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201:Stafne Defect of the Premolar Area: Report of a Rare Presentation[AAOM2020}
Poster Title: 201:Stafne Defect of the Premolar Area: Report of a Rare Presentation[AAOM2020}
Submitted on 29 Mar 2021
Author(s): Richard J. Vargo, DMD 1,2
Affiliations: 1 Missouri School of Dentistry & Oral Health, St. Louis, MO and 2 Saint Louis University School of Medicine, St. Louis, MO
This poster was presented at 2021 American Academy of Oral Medicine Virtual Conference
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Poster Information
Abstract: Background: Stafne defects are rare lesions which represent a focal concavity of the lingual cortical bone of the mandible. They classically present as an asymptomatic radiolucency below the mandibular canal in the posterior mandible, between the mandibular angle and molars. The radiolucency is usually well circumscribed and corticated. Similar lingual cortical defects have been noted more anteriorly in the incisor, canine, or premolar areas of the mandible. The clinical and radiographic features of anterior Stafne defects are similar to the classic posterior variant. While posterior Stafne defects can usually be diagnosed radiographically due to their unique radiographic presentation, anterior Stafne defects may be misdiagnosed radiographically as other pathological entities because of their unusual locations and rarity.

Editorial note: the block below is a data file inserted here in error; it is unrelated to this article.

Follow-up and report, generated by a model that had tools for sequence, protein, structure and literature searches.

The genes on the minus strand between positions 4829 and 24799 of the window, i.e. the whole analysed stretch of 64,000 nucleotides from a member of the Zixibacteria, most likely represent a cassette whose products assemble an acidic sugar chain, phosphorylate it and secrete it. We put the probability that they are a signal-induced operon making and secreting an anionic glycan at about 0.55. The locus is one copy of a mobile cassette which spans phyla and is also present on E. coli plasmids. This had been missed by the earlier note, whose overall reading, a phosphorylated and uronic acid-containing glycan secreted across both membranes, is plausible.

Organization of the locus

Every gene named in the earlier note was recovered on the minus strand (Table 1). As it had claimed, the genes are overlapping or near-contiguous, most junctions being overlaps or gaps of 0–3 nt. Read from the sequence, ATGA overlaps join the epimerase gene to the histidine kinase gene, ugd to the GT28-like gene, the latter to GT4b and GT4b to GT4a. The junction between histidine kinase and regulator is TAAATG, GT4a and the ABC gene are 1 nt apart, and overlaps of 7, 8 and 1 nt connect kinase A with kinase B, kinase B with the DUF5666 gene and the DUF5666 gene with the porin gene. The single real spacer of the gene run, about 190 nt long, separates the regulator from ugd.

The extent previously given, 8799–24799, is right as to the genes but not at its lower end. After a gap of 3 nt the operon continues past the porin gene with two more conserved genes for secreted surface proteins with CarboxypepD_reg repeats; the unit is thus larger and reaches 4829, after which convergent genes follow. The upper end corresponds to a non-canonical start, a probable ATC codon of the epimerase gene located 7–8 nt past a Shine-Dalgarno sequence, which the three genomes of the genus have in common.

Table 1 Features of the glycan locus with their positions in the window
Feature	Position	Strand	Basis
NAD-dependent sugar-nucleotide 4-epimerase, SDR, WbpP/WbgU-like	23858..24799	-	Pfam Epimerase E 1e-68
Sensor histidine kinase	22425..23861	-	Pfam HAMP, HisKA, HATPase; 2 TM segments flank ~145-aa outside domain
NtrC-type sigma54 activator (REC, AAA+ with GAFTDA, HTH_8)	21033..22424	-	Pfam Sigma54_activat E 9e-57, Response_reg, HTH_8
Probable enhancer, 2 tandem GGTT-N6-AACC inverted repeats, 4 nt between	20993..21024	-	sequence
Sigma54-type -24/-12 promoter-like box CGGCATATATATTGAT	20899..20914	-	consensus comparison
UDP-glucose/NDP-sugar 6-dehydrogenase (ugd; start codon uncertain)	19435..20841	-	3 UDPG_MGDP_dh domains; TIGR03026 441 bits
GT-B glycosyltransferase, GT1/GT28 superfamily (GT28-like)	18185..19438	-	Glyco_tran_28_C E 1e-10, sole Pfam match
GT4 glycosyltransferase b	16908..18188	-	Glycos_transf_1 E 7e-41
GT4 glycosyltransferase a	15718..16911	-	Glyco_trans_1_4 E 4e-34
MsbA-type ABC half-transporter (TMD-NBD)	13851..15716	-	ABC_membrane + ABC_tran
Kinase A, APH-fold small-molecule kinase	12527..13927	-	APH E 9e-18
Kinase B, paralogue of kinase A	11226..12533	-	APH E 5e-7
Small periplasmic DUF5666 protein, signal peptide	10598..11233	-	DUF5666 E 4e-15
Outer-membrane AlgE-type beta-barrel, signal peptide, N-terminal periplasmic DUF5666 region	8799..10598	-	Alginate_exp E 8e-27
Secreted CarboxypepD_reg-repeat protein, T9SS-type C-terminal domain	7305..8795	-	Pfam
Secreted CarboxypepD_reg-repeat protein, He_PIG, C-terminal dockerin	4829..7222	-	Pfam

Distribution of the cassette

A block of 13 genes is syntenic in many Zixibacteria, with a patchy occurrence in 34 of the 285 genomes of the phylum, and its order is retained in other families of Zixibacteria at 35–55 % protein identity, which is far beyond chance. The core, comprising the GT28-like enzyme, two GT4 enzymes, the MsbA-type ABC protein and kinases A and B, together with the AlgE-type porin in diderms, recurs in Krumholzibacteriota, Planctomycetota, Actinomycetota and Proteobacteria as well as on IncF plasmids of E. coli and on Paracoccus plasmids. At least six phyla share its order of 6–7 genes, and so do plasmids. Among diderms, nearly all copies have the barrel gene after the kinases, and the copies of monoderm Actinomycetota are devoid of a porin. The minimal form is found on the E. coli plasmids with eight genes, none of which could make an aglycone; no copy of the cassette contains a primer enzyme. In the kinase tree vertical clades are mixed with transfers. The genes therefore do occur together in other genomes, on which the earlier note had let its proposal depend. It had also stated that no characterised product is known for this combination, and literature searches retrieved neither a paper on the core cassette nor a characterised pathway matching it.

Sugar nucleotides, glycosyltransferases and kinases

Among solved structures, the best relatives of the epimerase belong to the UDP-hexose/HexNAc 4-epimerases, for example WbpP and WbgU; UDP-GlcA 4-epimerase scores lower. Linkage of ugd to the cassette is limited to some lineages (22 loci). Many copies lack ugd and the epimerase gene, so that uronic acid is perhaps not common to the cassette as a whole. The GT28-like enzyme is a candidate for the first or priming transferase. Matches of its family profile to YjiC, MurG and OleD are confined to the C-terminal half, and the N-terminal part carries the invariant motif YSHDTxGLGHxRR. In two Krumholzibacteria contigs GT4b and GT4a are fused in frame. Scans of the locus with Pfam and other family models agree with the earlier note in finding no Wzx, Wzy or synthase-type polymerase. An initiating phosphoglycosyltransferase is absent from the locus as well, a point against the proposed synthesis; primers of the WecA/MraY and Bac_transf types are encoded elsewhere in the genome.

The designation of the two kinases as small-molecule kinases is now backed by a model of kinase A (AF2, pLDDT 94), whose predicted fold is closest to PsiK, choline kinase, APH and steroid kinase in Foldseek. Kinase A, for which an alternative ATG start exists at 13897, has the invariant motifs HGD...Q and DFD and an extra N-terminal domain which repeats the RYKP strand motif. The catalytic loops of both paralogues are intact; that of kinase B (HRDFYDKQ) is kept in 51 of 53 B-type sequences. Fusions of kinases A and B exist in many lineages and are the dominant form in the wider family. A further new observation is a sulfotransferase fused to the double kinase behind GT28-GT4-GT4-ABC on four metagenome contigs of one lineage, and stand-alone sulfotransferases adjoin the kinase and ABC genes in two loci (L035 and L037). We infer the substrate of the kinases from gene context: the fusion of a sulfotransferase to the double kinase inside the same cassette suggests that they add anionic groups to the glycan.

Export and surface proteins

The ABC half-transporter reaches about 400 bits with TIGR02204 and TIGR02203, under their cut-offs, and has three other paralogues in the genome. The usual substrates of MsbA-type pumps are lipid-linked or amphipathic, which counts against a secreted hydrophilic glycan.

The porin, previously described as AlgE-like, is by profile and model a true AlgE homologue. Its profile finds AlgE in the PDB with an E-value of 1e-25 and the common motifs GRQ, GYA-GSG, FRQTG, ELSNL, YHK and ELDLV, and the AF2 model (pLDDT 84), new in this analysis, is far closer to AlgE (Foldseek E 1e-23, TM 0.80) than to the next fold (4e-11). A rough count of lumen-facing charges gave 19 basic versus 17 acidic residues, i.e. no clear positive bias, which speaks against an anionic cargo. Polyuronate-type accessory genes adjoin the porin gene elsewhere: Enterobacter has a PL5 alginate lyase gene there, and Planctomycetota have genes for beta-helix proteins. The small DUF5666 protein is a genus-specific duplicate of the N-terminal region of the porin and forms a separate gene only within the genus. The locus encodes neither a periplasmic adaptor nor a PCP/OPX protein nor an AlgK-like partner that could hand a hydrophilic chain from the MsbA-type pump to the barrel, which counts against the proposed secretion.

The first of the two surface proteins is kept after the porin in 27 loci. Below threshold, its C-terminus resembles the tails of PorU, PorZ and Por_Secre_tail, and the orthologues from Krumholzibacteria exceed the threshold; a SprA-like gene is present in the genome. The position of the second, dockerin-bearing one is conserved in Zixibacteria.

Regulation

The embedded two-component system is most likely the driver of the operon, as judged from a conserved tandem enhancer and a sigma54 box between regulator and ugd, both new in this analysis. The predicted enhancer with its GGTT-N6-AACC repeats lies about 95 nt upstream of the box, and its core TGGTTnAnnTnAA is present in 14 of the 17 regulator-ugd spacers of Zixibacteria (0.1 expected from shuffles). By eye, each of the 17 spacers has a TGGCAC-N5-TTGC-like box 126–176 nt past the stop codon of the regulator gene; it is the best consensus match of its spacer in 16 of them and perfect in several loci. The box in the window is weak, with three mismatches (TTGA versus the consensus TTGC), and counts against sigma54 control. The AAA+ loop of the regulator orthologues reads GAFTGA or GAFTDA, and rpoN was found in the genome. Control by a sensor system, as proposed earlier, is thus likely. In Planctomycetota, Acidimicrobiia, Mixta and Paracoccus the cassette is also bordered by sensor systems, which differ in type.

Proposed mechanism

Case Summary: A 46-year-old male presented to A.T. Still University - Missouri School of Dentistry & Oral Health for routine dental care. His medical history was noncontributory. A screening panoramic radiograph revealed a well-circumscribed, noncorticated, unilocular radiolucent lesion in the left mandibular premolar area directly anterior to the mandibular canal. The lesion was not associated with the roots of the mandibular left premolars. Initial radiographic examination suggested an enlarged mandibular foramen and possible intraosseous mesenchymal neoplasm, but close radiographic scrutiny revealed that the left mental foramen was uninvolved. The clinical examination was unremarkable. Given the location of the lesion at the level of mandibular canal, an odontogenic origin was considered unlikely and a possible Stafne defect was suspected. A cone beam computed tomography (CBCT) scan was taken, which revealed a well-defined concavity on the lingual aspect of the mandible and thin, intact bone between the concavity and the mandibular canal in the mental foramen area. Because the CBCT confirmed the diagnosis of Stafne defect, no further treatment was rendered.

Conclusions: Stafne defects of the premolar area may be misdiagnosed radiographically as other more common pathological entities due to their unusual location and rarity. Clinicians should consider this entity in the differential diagnosis of mandibular, apical, well-circumscribed, unilocular radiolucent lesions—especially when the radiolucency is more apical in location—and utilize three-dimensional radiographic imaging as a diagnostic tool in order to avoid more invasive procedures.
Summary: Stafne defects are asymptomatic bone lesions that were first described by Edward C. Stafne in 1942. They represent a focal concavity of the lingual mandibular cortical bone. Most cases occur in middle aged or older adults, and they are much more common in males.

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